41. MUNA, About U
Fresh out of USC’s fledgling pop music program emerged MUNA, a synth-rock trio whose spellbinding debut album, full of queer empowerment anthems and progressive battle cries of love and loss, arrived early in a year where we badly needed all of the above. The exuberant “I Know a Place” — their all-inclusive, come-dance-the-night-away single — already feels like a mission statement, their signature song. And in portraying the heartache all sorts of people experience (MUNA purposely avoid gendered pronouns), luminous slow-burners “Winterbreak” and “Everything” poignantly capture feelings still lingering behind closed doors, long after the club closes. — CHRIS PAYNE
40. Demi Lovato, Tell Me You Love Me
Fans already knew Demi Lovato was confident, but she added an entirely new dimension to the word with the absolutely undeniable Tell Me You Love Me. Some might argue that Lovato’s fearless vocal gusto has become a little too in-your-face, but that’s exactly what Lovato’s fans have been waiting for: a record that combines her unabashedly raw lyrics – whether scandalous (“Just tell me when you’re ready/ And Imma paint your body with my lips” from “Concentrate”) or heart-rending (“I’m sorry for honesty/ I could not bear to lie to you” from “You Don’t Do It For Me Anymore”) – with her even fiercer octave-scaling. Demi got something she’d been waiting for, too: a “dream collab” with Lil Wayne on “Lonely,” though even the rap icon can’t outshine Demi on her most spotlight-commanding album yet. — TAYLOR WEATHERBY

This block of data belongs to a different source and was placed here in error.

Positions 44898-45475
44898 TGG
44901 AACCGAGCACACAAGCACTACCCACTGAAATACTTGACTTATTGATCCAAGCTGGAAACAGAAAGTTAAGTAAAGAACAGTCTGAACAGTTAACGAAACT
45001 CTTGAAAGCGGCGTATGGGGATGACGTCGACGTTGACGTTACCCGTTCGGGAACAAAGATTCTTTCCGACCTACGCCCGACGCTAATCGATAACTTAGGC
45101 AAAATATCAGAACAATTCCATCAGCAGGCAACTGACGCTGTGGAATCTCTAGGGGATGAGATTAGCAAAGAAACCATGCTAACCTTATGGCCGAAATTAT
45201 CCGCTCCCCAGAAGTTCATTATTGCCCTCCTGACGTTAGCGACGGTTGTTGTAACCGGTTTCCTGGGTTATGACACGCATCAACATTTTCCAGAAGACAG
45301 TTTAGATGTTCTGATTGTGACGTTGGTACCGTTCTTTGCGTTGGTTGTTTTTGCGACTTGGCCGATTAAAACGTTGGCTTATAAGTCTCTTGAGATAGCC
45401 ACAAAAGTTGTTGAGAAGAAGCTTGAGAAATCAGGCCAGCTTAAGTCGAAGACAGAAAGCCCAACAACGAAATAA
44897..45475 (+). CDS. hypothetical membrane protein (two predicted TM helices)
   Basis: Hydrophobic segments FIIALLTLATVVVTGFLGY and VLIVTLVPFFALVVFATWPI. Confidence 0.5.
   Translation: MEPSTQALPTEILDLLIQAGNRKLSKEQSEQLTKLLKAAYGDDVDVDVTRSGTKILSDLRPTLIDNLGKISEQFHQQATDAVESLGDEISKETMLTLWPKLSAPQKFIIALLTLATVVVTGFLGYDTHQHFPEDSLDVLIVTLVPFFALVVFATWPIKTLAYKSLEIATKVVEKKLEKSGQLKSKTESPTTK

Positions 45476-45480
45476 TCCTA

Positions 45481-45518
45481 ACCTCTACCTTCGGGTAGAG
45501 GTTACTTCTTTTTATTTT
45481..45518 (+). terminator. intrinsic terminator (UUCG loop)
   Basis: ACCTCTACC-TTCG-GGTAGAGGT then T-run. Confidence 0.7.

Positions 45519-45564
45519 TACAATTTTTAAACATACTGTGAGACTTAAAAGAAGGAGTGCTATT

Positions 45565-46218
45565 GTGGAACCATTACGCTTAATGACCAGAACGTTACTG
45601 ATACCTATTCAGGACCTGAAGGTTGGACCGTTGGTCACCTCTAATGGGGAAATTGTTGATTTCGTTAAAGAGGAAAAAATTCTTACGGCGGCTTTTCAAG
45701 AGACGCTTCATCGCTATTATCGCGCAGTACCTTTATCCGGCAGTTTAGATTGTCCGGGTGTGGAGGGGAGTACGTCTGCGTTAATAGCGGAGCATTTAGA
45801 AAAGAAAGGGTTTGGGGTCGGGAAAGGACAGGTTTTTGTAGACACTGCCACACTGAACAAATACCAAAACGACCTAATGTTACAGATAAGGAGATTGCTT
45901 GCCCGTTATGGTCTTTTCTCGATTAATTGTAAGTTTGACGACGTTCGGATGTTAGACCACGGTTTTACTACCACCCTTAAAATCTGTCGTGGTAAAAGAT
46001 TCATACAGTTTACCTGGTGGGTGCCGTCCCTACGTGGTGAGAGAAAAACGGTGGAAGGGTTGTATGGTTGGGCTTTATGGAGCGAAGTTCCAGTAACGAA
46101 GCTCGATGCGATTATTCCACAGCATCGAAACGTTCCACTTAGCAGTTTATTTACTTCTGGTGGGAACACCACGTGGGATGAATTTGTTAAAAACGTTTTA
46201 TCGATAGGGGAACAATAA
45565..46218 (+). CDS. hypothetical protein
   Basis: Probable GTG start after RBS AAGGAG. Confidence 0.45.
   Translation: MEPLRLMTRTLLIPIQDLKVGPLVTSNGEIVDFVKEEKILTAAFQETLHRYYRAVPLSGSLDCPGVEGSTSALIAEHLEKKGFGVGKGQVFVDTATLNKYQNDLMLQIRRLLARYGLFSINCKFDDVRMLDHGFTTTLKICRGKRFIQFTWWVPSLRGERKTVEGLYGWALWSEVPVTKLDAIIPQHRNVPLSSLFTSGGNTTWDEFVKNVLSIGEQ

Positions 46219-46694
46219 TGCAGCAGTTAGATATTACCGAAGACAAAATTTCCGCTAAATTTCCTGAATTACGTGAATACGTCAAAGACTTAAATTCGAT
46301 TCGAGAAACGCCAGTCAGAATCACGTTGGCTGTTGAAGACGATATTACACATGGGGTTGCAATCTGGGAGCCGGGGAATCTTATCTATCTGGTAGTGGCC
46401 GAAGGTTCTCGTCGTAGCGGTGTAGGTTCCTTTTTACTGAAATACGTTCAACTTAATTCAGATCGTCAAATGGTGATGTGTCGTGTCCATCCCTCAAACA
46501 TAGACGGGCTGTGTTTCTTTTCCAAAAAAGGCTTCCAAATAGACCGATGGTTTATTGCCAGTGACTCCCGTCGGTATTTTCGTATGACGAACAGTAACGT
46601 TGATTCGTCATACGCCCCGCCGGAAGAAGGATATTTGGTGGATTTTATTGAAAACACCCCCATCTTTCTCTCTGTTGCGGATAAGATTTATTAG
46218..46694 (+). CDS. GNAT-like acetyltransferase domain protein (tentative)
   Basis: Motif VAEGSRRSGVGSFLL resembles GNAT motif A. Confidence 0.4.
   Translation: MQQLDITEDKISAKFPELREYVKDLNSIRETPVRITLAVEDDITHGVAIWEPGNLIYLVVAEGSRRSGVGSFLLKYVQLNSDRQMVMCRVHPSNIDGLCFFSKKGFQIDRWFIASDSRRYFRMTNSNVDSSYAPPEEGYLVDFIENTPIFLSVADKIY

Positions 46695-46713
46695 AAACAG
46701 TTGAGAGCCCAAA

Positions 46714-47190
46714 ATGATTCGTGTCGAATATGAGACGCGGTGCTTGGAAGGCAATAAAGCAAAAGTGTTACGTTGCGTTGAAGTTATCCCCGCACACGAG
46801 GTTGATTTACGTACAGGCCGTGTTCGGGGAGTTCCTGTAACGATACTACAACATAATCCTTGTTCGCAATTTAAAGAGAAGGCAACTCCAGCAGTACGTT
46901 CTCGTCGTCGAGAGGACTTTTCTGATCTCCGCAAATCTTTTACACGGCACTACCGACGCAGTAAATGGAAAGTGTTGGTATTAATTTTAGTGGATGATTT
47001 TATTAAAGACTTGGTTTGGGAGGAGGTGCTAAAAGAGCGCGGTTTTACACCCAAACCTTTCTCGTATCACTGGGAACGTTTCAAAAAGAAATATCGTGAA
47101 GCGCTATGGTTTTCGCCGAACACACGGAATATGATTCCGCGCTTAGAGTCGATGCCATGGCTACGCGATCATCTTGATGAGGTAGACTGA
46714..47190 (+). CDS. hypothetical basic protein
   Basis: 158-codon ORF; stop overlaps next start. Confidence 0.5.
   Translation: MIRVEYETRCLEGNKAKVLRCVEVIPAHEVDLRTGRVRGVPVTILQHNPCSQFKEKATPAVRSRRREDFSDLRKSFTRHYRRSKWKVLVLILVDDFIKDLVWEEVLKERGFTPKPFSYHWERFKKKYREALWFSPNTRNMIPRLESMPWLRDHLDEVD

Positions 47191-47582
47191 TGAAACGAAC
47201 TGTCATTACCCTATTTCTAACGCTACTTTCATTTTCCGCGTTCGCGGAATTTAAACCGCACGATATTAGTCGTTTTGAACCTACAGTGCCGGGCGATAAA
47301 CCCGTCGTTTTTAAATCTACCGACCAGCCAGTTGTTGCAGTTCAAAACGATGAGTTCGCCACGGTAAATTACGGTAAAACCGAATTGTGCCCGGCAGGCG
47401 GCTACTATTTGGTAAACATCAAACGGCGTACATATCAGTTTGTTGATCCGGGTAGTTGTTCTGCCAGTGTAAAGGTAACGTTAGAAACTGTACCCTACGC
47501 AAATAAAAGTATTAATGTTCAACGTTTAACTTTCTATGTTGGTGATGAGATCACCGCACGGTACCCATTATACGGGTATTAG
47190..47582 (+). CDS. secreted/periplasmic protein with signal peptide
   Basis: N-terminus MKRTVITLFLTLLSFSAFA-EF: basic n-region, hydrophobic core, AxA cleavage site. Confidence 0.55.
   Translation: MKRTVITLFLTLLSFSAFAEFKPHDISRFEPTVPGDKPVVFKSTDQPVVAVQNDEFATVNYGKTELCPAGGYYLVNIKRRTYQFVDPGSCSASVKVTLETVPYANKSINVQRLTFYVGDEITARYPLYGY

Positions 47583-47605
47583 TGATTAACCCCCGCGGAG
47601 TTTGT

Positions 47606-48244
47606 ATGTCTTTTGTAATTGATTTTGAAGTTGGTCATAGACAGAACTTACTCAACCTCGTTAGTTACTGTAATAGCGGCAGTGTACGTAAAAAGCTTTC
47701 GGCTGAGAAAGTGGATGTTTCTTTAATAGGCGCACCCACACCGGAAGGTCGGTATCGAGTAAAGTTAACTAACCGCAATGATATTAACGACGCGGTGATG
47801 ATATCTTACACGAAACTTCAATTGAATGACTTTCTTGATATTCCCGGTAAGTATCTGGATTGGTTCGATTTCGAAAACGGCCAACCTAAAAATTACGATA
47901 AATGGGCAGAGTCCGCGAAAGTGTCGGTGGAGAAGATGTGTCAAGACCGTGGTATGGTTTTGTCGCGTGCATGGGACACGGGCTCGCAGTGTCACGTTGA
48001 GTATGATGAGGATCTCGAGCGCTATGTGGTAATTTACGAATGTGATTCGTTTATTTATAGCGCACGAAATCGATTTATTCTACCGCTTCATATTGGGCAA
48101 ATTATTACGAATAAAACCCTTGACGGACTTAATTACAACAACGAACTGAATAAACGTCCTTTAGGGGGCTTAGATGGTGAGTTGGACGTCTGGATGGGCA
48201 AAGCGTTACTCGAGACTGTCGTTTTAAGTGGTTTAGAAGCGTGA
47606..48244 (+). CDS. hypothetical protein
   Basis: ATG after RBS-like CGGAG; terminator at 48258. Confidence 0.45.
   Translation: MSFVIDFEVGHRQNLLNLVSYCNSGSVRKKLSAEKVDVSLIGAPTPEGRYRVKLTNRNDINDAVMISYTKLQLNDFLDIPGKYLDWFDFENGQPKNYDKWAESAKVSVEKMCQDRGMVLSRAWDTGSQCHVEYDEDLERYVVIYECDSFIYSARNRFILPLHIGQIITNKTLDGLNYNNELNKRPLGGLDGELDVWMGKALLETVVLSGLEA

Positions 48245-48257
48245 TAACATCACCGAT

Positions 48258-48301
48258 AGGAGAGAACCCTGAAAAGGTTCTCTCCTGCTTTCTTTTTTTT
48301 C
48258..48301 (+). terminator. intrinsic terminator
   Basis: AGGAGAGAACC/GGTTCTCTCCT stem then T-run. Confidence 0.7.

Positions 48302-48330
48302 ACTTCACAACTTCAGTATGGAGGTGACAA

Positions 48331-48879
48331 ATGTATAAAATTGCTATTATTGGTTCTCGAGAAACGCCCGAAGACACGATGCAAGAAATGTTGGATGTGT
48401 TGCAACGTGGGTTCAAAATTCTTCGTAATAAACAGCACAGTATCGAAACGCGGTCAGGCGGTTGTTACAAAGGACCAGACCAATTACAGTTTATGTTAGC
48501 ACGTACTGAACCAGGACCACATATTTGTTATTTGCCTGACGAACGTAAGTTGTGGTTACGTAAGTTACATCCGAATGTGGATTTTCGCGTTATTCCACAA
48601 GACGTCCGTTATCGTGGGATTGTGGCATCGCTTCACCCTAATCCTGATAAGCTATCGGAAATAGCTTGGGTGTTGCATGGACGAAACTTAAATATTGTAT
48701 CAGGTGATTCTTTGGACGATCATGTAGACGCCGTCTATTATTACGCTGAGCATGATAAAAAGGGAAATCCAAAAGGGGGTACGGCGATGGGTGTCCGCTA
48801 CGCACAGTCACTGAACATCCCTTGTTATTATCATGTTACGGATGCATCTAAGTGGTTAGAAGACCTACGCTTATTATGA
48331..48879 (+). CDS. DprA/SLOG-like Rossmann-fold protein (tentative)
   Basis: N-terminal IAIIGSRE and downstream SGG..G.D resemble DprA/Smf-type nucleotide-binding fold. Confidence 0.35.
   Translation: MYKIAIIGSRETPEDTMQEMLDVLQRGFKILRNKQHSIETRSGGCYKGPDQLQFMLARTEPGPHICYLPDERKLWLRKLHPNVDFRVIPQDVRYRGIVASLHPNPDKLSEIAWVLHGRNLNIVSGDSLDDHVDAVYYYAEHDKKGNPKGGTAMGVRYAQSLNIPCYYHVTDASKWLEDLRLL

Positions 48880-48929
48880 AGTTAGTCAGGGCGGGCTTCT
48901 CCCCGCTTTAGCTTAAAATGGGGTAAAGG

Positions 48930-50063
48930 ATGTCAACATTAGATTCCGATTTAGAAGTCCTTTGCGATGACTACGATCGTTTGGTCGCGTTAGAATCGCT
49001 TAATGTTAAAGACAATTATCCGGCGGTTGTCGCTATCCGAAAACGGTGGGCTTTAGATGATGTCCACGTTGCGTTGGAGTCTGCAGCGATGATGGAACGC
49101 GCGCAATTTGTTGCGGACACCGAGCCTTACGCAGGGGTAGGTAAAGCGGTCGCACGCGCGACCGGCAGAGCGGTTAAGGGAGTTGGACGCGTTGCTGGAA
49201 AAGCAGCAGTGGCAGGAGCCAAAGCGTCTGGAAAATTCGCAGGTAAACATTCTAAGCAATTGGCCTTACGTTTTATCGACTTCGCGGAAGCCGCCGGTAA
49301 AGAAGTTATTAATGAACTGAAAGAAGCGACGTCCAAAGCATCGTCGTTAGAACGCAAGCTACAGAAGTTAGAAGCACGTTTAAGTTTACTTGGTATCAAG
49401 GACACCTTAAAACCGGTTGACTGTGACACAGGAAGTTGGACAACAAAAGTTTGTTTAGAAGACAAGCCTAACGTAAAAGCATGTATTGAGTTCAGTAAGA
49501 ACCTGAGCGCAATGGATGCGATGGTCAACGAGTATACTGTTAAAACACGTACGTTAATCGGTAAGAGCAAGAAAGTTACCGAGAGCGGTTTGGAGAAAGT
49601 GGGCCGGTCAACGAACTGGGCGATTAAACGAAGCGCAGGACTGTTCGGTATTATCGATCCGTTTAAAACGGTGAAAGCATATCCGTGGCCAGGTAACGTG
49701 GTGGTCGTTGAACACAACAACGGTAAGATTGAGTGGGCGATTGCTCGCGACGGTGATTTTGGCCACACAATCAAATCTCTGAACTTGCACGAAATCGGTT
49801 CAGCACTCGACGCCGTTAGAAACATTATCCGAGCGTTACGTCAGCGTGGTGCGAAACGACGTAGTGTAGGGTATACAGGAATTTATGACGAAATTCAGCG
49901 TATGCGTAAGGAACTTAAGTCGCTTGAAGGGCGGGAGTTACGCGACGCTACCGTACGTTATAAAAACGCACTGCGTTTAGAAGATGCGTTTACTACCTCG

39. Romeo Santos, Golden
In the three years it took for Romeo Santos to follow up 2014’s phenomenally successful Formula, Vol. 2, the Latin charts veered from being dominated by his contemporary brand of bachata to being overrun with reggaeton. No matter: Third solo album Golden is replete with fusions, including one urban-leaning track, “Bella y Sensual,” featuring Nicky Jam and Daddy Yankee. But overall, the album is vintage Romeo in its sophisticated, often jazzy chord and tempo changes, adapted to bachata’s trademark guitar and guiro backbone. The lyrics, always Santos’ forte, continue to tread the fine line between sensuality and sexuality; “El amigo,” featuring Santos’ hero Julio Iglesias, is an ode to the penis — the kind of thing only Santos could pull off. — LEILA COBO
38. Charly Bliss, Guppy